So far in 2012 I haven't signed up for a single challenge. While I keep thinking I will look for a TBR challenge, I also know myself. And yet, as I say that, I have already begun my second book off my stacks in the past two days. So, while two books does not reduce my TBR pile or even make a dent in it, it is a start. And this way since I am not naming titles of books I intend to read, I have a wide selection to choose from.
Long before this book was done, I was in love with this story. Although not a cheerful book, it certainly gives a picture of what life could have been like in 1974 in small town America. It is hard for me to believe that people could be so close minded and racist in such recent times, and yet we have seen proof of that throughout history. Revoyr also does a great job of creating complex characters. Michelle's grandfather should have been easy to hate, and yet the love and care he showed for her makes us see him in a different light.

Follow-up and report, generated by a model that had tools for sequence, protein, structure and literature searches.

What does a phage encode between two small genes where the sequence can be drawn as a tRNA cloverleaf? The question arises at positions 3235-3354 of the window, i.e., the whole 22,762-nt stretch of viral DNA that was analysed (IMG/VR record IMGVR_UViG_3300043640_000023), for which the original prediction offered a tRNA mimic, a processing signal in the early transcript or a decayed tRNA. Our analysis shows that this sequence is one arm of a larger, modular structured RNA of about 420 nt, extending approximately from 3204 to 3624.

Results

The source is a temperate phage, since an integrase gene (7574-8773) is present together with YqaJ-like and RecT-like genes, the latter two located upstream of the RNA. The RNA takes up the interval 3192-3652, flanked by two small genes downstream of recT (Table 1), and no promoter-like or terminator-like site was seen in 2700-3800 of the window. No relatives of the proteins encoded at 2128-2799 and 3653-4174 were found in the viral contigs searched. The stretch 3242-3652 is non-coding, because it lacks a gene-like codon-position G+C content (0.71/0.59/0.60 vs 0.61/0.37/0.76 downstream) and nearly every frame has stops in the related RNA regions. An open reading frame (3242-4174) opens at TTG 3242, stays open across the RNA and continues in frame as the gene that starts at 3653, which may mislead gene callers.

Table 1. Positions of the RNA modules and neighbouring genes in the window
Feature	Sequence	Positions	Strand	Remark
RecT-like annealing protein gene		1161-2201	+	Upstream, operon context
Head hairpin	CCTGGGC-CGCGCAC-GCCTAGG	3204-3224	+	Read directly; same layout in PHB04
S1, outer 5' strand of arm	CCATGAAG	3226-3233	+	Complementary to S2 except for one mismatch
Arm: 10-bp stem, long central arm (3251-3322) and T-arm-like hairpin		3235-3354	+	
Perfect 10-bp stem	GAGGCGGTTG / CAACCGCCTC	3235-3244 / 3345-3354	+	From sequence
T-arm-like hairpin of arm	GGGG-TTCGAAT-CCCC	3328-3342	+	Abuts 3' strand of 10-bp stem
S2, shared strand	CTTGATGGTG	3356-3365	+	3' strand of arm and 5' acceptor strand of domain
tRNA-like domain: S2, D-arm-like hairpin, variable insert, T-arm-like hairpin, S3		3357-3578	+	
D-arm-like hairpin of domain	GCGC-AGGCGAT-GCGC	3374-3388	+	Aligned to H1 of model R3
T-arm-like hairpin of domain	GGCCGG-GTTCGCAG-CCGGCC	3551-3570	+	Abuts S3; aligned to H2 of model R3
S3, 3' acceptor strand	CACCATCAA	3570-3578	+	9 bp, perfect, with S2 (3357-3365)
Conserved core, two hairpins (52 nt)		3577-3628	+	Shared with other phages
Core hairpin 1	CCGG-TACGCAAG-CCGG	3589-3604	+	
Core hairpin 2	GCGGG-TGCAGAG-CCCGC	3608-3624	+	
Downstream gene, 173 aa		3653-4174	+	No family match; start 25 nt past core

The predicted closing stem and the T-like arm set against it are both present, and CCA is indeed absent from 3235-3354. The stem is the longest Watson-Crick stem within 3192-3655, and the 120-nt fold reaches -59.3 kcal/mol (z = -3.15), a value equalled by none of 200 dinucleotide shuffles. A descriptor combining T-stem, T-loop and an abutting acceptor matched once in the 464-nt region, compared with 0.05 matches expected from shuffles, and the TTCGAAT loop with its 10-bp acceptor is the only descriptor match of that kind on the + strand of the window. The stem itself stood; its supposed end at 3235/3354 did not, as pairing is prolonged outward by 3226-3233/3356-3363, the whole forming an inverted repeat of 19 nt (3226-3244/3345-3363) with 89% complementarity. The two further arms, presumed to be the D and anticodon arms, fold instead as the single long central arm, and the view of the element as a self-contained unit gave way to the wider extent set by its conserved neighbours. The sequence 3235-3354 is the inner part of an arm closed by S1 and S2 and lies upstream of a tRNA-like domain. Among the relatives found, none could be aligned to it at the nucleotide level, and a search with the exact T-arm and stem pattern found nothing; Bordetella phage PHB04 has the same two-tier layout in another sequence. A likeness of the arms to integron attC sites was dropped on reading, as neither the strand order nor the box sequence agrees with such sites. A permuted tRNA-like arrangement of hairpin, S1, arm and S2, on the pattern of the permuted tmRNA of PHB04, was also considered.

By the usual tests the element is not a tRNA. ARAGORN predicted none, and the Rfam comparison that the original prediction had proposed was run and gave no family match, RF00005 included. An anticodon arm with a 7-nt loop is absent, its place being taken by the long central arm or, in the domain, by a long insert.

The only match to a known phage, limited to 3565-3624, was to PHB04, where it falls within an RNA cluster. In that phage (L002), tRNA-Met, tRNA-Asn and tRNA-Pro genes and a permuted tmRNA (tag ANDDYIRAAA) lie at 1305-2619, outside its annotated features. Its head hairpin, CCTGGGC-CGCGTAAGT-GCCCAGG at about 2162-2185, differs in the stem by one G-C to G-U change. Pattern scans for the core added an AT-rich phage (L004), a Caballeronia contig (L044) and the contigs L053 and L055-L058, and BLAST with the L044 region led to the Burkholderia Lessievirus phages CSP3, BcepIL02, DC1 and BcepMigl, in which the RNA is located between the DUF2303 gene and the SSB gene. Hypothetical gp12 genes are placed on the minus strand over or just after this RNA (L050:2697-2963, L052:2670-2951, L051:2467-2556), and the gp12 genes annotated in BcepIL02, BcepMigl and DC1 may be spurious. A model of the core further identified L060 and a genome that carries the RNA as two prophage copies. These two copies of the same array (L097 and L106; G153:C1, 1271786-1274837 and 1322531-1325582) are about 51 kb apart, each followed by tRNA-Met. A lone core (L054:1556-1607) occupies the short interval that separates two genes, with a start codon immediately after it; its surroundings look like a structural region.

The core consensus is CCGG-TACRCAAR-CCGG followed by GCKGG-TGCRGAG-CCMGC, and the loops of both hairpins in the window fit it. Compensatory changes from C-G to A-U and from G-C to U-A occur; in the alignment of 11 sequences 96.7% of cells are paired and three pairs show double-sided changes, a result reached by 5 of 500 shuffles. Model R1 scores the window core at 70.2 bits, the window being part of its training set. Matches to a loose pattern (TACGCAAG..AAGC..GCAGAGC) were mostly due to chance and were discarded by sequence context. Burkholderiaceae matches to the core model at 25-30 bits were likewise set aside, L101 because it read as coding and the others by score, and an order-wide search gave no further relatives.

Posted by Tina's Blog at 9:35 AM
Wednesday, January 4, 2012
Posted by Tina's Blog at 3:39 PM